Home Professionalisms Frustrated With Remote Collaboration? There’s Hope.

Frustrated With Remote Collaboration? There’s Hope.


by Suresh Sambandam, CEO of Kissflow

Before COVID-19, your office was a powerhouse for collaboration. Overnight, team members became isolated on laptops at home.

The physical separation for newly remote teams has been tougher than expected. Email, chat, and video conferencing are great, but they aren’t the same as personal, face-to-face interactions. Team collaboration in your organization feels like it is suffering.

Remote collaboration isn’t easy when people are used to physical proximity. The security of a daily routine on the job surrounded by like-minded teammates has been swept away.  No one can call an impromptu meeting or stop by a colleague’s cubicle for input. Forget about casual work conversations over coffee breaks. All those little interactions were barely noticeable before. Now they are highly valued and greatly missed.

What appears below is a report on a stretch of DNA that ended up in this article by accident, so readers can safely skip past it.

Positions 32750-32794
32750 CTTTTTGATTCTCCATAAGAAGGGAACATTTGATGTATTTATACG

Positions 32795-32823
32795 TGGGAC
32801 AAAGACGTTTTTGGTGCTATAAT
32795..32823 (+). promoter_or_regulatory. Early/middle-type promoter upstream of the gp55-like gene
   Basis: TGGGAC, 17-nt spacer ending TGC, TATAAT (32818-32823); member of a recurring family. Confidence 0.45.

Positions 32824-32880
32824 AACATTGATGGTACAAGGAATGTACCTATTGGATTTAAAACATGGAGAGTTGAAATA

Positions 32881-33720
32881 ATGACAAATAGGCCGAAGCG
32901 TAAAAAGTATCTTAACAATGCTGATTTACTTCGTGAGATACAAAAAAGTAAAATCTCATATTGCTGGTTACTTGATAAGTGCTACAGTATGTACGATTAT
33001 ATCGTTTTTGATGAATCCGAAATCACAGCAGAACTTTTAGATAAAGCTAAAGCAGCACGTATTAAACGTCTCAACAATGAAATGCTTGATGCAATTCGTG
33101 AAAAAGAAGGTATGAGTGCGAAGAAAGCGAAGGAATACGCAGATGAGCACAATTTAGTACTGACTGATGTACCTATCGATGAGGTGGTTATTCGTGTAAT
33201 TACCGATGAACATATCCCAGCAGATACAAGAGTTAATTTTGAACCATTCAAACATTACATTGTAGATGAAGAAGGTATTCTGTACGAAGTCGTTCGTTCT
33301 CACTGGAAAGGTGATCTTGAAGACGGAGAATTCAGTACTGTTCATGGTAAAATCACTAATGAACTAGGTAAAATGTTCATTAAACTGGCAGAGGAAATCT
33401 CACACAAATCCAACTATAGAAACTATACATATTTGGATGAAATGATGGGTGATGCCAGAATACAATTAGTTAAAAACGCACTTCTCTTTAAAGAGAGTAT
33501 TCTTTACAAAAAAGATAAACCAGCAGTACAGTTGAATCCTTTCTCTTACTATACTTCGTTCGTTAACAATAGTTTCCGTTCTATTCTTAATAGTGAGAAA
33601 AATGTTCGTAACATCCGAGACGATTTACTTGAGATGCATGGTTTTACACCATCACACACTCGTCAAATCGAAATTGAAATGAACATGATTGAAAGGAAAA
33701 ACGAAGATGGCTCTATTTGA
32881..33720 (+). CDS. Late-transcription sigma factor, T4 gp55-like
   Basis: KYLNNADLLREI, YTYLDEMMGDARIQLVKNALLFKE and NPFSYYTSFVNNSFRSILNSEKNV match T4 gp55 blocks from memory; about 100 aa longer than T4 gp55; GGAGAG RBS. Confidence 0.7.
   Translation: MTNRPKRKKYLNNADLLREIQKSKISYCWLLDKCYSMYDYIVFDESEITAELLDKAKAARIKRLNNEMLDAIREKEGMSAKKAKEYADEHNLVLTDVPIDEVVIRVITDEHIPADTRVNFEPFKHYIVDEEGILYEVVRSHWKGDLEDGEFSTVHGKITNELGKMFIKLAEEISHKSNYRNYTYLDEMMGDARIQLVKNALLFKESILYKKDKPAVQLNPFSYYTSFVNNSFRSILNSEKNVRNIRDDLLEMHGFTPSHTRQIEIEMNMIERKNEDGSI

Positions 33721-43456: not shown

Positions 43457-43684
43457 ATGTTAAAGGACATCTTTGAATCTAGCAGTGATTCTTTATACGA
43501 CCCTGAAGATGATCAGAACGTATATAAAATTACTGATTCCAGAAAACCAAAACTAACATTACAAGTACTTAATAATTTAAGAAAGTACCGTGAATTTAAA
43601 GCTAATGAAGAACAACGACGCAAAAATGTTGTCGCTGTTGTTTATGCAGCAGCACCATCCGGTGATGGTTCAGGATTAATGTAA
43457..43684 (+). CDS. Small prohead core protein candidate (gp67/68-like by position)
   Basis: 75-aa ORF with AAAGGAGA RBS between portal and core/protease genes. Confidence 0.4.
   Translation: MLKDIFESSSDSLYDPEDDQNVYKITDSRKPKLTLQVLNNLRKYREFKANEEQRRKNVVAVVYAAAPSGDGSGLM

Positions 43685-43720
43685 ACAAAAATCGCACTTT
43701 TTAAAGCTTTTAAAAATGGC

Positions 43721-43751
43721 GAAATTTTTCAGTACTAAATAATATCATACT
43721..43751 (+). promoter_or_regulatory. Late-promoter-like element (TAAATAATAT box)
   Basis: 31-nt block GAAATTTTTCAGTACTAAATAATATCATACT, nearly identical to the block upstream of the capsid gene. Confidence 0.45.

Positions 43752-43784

Yet, effective collaboration is crucial — and possible — for remote teams. But you have to take a different approach to collaboration, beginning with new awareness and strategic digital tools.

Collaboration struggles that remote teams face.

Your teams aren’t alone. Others forced into remote collaboration are experiencing similar troubles.

Confused communication.